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Multi-scale relationship between peatland vegetation type and dissolved organic carbon concentration

Armstrong, A., Holden, J., Luxton, K., Quinton, J.N.
Ecological engineering 2012 v.47 pp. 182-188
Calluna, Cyperaceae, Molinia, Sphagnum, aquatic ecosystems, botanical composition, carbon cycle, climate change, dissolved organic carbon, drinking water, national surveys, peatlands, rivers, surface water, vegetation types, water treatment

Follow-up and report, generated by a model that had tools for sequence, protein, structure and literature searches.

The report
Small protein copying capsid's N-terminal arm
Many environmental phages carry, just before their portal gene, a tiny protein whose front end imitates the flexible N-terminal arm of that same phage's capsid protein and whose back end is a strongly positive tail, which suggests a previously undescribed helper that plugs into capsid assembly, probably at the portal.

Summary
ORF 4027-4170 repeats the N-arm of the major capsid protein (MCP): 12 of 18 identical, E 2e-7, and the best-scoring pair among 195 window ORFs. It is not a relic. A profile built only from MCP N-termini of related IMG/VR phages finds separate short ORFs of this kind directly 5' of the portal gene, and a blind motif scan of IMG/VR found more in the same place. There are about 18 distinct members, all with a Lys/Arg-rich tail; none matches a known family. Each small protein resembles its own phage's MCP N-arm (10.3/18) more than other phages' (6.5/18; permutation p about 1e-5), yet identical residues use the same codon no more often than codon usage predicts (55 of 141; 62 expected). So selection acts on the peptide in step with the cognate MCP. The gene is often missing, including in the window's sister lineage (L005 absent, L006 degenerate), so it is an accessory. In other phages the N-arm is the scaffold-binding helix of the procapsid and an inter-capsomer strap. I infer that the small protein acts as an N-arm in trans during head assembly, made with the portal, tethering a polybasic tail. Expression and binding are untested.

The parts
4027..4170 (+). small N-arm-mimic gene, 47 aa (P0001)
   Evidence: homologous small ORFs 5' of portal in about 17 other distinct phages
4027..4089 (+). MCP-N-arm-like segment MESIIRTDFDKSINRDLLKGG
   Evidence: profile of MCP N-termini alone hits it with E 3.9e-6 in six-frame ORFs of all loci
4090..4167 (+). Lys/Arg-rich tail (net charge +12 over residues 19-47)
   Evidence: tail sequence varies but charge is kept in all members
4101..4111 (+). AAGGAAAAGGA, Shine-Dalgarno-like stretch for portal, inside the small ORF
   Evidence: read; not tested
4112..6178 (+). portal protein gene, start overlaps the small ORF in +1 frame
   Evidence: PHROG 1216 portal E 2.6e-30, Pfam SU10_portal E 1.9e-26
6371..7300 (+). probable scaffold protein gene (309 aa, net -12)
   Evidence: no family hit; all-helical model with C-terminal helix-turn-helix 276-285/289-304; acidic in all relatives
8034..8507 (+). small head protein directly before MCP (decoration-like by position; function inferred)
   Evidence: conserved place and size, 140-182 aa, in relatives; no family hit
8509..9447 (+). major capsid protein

Dissolved organic carbon (DOC) is a key component of the carbon cycle and has significant impacts on aquatic ecosystems and potable water treatment. Upward trends in river and lacaustrine DOC concentrations have been observed and a number of key drivers have been proposed. Here, we present DOC concentration data from plot scale pore waters at one site and surface water from artificial drains sampled within a national survey which demonstrate a significant correlation between peatland vegetation type and DOC concentration. Calluna dominance was associated with the highest DOC concentration, Molinia and Sphagnum dominance with lower concentrations, and sedge dominance with intermediate concentrations. Water sampled from drains dominated by Calluna had greater DOC concentrations than water sampled from pore waters in plots dominated by Calluna. In contrast DOC concentrations from plots dominated by sedges were greater than those sampled from drains dominated by sedges. We discuss these findings in relation to plant functional traits and their influence on the physical and biotic conditions that regulate DOC concentrations. Given the known effects of management activities and climate change on peatland vegetation composition there is potential to manage plant community composition to ameliorate the observed rising DOC concentration.